Jim Kushner and 5 other Inwood Rotary Club members, joined by New York Rotarian Bill DeLong, are on their way to Haiti. They will be working with Todd Shea, Founder of the Comprehensive Disaster & Response Services. Jim, Bill, and Todd have addressed major disasters , previously and are expeienced and reliable.Jim was written up in the Rotarian Magazine and has been on the back cover of the two latest issues. Todd has received a medal from the Pakistan President. Bill is a recipient of New York's "Liberty Medal" presented to him by Mayor Bloomberg. We worked together during 9/11.
They are in desparate need of money and supplies. These are the details:SUPPLIES NEEDED:Pain MedicationAnti-Bacterial OintmentAnti-Inflammatory MedicationAnti-Biotics ( cipro, penicillan)Medical GlovesBaby FormulaBaby Wipes
SEND SUPPLIES TO:TODD SHEAc/o EDWARD SANCHEZAVENUE INDEPENCIA # 201CONDOMINIO BUENA VENTORAAPT 104 ER PISO GAZCUESANTO DOMINGO DR
SEND CHECKS TO::THE GLOBAL GIVING FOUNDATION1023 15th STREET NW 12th FLOORWASHUNGTON, DC 20005 Phone: 202-232-5784 ( It is a 501 c3 organization)You must write in memo of check "TODD SHEA-HAITI "
I am the "Point Person" for Jim. Any questions:mailto:firstname.lastname@example.org" href="mailto:email@example.com">firstname.lastname@example.org Tel: 914-277-3117 or 718-622-2148
They need our help
Where We Meet
The International House of New York, also known as I House, is a graduate and professional residence hall and program center servicing various universities throughout the City of New York, including Columbia University, Juilliard School, New York University, the Manhattan School of Music, the Union Theological Seminary in the City of New York, the Teachers College, and the City University of New York, among others.
Housing 700 students from over 100 countries, it is currently located at 500 Riverside Drive, next to Grants Tomb in the Morningside Heights neighborhood of Manhattan. The original entrance to International House is inscribed with the motto written by John D. Rockefeller, Jr.: "That Brotherhood May Prevail." The piazza of the original, gracious entrance opens into Sakura Park, or would, if the gates were not kept chained shut.
The initial impetus for the I House was the YMCA official Harry Edmonds, who spearheaded efforts to obtain initial funding for the house after a chance encounter with a lonely Chinese graduate student at Columbia University in 1909. It was finally created in 1924 with funding from John D. Rockefeller, Jr. (who later funded identical houses at the University of Chicago and the University of California at Berkeley), as well as the Cleveland H. Dodge family, to foster relationships between students from different countries. Other Rockefeller family members to have served on the board of trustees include Abby Aldrich Rockefeller. John D. Rockefeller 3rd, David and Peggy Rockefeller, David Rockefeller, Jr., and Abby O'Neill.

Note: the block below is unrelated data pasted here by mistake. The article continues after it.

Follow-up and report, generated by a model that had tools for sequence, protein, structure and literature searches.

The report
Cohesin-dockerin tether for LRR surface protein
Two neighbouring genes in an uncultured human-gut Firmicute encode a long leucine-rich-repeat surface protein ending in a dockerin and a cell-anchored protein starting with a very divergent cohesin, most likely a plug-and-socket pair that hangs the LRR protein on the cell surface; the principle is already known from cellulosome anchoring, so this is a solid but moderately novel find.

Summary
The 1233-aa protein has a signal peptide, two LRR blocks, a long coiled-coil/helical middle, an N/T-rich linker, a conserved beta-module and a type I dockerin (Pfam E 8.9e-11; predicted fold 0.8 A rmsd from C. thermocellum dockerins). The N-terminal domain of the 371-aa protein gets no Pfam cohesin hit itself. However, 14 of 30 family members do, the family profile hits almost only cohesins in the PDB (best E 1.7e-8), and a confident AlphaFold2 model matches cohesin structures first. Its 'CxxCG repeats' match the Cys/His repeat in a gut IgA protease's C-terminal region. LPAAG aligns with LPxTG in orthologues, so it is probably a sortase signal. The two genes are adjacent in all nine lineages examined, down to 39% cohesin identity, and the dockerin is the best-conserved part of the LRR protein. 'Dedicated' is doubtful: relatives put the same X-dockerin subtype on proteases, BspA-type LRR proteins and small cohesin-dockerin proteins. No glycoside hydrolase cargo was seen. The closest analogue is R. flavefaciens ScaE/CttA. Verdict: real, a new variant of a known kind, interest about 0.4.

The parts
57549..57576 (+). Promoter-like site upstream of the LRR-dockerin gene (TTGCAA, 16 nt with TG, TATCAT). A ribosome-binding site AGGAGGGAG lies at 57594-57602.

The New York International House was the first of many international houses in a coast-to-coast movement to create a safe space for international students seeking to further their education. Other cities with international houses include: Berkeley, Chicago, Philadelphia, London, Melbourne, Brisbane (Australia), and Paris.
The chairman of the Board of Trustees is former Chairman of the United States Federal Reserve, Paul A. Volcker. The Chairman of the Board's Executive Committee is William Rueckert, a member of the Dodge family, whose generous gifts contributed to the development of both International House and the Columbia University Teachers College.
I House's current president is Donald L. Cuneo, an alumnus of I House and Columbia University's law and business schools.
There are currently 65,000 living I House alumni worldwide. Among the more notable:
Chinua Achebe, Nigerian writer, author of Things Fall Apart
Pina Bausch, German chroreographer
Mark Eyskens, Prime Minister of Belgium
Jorge Ibargüengoitia, Mexican novelist
Burl Ives, actor
Jerzy Kosinski, writer, author of Being There
Flora Lewis, journalist
Mark Mathabane, South African writer, author of Kaffir Boy
Ashley Montague, anthropologist
I.M. Pei, architect
Leontyne Price, opera star
David Sainsbury, British supermarket magnate
George Soros, billionaire Hungarian investor
Shirley Verrett, opera star
Dale Peck, US writer, novelist, literary columnist and critic
Nobel laureates Wassily Leontief and Carlo Rubbia
Kiran Desai, author
Source: Wikipedia and International House website
We encourage all civic-minded business owners, managers, and professionals to explore the benefits of Rotary membership. If you and/or your company would like more information about becoming a part of the legendary Rotary Club of Upper Manhattan, or would like to visit one of our regular meetings contact one of our Club officers at Marwill325@aol.com.
Rotary International and the United Nations
In 1945, forty-nine Rotary members served in 29 delegations to the United Nations Charter Conference. Rotary still actively participates in UN conferences by sending observers to major meetings and promoting the United Nations in Rotary publications. Rotary International's relationship with the United Nations Educational, Scientific, and Cultural Organization (UNESCO) dates back to a 1943 London Rotary conference that promoted international cultural and educational exchanges. Attended by ministers of education and observers from around the world, and chaired by a past president of RI, the conference was an impetus to the establishment of UNESCO in 1946.